When I saw this picture of a “Bias Streamer Skirt” by Alexander Wang in last weekend’s Wall Street Journal, I screamed (in my head), “Car-wash skirts are back at last!”
I didn’t know I was missing car-wash skirts, but apparently, deep down, I was. If I remember correctly, car-wash skirts — so-called because the fringe-like panels look like the equipment in an automated car wash — had a big moment in the early ’90s. I know I had one then.
Car-wash skirts have turned up occasionally since that time, but now I believe they’re poised to have a big moment. People are used to asymmetrical hemlines thanks to the popularity of the high/low hemline (aka the mullet skirt/dress), and the car-wash look is really just a variation on the “now you see my legs, now you don’t” concept. The fact that the influential label Rodarte showed a car-wash skirt in September 2010 as part of the spring 2011 collection is another sign that the style might be about to blossom into a trend. The New York Times blog post on that show noted that the car-wash look was hot in the 1960s. Another website says the style was also popular in the 1920s, although it was called a “petaled” hemline then. I reject the fashion axiom that if you wore a trend the first time around, you’re too old to wear it again, so I hope to bump into some 110-year-old ladies sporting their ’20s petaled skirts. Talk about Advanced Style!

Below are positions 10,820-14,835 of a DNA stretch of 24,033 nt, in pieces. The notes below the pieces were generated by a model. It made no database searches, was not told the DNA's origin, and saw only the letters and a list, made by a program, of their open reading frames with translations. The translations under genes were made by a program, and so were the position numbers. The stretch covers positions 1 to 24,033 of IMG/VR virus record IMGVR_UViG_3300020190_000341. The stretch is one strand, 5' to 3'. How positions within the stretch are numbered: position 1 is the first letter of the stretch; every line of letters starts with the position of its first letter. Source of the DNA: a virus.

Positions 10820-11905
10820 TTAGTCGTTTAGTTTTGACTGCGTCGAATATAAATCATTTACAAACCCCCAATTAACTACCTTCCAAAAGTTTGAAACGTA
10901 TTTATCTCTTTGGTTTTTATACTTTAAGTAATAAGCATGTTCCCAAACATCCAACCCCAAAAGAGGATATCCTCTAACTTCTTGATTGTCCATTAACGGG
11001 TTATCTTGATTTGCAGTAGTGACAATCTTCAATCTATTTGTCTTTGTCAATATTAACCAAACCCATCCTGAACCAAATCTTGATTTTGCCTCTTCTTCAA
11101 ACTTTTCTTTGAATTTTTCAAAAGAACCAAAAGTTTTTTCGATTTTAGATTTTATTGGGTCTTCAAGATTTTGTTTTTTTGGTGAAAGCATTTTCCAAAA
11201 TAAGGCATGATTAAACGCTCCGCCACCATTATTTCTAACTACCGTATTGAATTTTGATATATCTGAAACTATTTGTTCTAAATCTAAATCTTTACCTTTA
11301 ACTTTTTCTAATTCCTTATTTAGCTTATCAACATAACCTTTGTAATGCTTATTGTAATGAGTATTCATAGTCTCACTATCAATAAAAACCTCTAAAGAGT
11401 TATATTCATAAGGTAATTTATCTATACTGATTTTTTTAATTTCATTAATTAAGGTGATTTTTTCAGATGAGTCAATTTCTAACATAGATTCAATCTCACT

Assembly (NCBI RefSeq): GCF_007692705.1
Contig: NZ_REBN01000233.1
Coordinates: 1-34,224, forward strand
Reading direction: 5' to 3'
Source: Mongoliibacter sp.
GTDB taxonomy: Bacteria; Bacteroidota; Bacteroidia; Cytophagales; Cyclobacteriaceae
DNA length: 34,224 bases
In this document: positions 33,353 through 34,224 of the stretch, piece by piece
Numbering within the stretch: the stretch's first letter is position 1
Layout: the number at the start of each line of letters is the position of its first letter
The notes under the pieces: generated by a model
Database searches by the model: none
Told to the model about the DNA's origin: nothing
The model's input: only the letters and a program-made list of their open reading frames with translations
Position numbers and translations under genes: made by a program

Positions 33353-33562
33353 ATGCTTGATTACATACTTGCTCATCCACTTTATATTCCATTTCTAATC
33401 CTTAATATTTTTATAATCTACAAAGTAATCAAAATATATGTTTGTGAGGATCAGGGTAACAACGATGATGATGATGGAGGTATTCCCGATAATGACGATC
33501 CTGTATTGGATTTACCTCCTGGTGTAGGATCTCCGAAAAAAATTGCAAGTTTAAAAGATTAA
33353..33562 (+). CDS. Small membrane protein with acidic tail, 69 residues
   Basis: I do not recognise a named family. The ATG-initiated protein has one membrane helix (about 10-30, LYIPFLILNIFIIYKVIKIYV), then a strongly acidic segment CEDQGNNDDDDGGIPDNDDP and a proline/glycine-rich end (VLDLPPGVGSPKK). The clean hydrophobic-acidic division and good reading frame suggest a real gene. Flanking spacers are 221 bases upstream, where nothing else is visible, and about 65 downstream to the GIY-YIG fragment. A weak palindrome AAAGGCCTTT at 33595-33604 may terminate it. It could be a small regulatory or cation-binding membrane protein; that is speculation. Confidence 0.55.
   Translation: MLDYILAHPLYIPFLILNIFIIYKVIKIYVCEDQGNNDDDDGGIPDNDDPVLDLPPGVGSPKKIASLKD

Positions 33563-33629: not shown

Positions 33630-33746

If you can’t decide between a mullet or car-wash skirt, the Wang skirt shown above is a good choice because it’s both! Here’s another view.
It’s not just car-wash fashion that has resurfaced repeatedly. The 1976 No. 1 hit song “Car Wash” — the theme song of a movie of the same name — was covered in 2004 by Christina Aguilera and Missy Elliott for the soundtrack of the animated movie Shark Tale. Unlike the original, the 2004 version didn’t crack Billboard’s Top 40. But how many other songs mention tuna fish? Not enough, I say! Enjoy.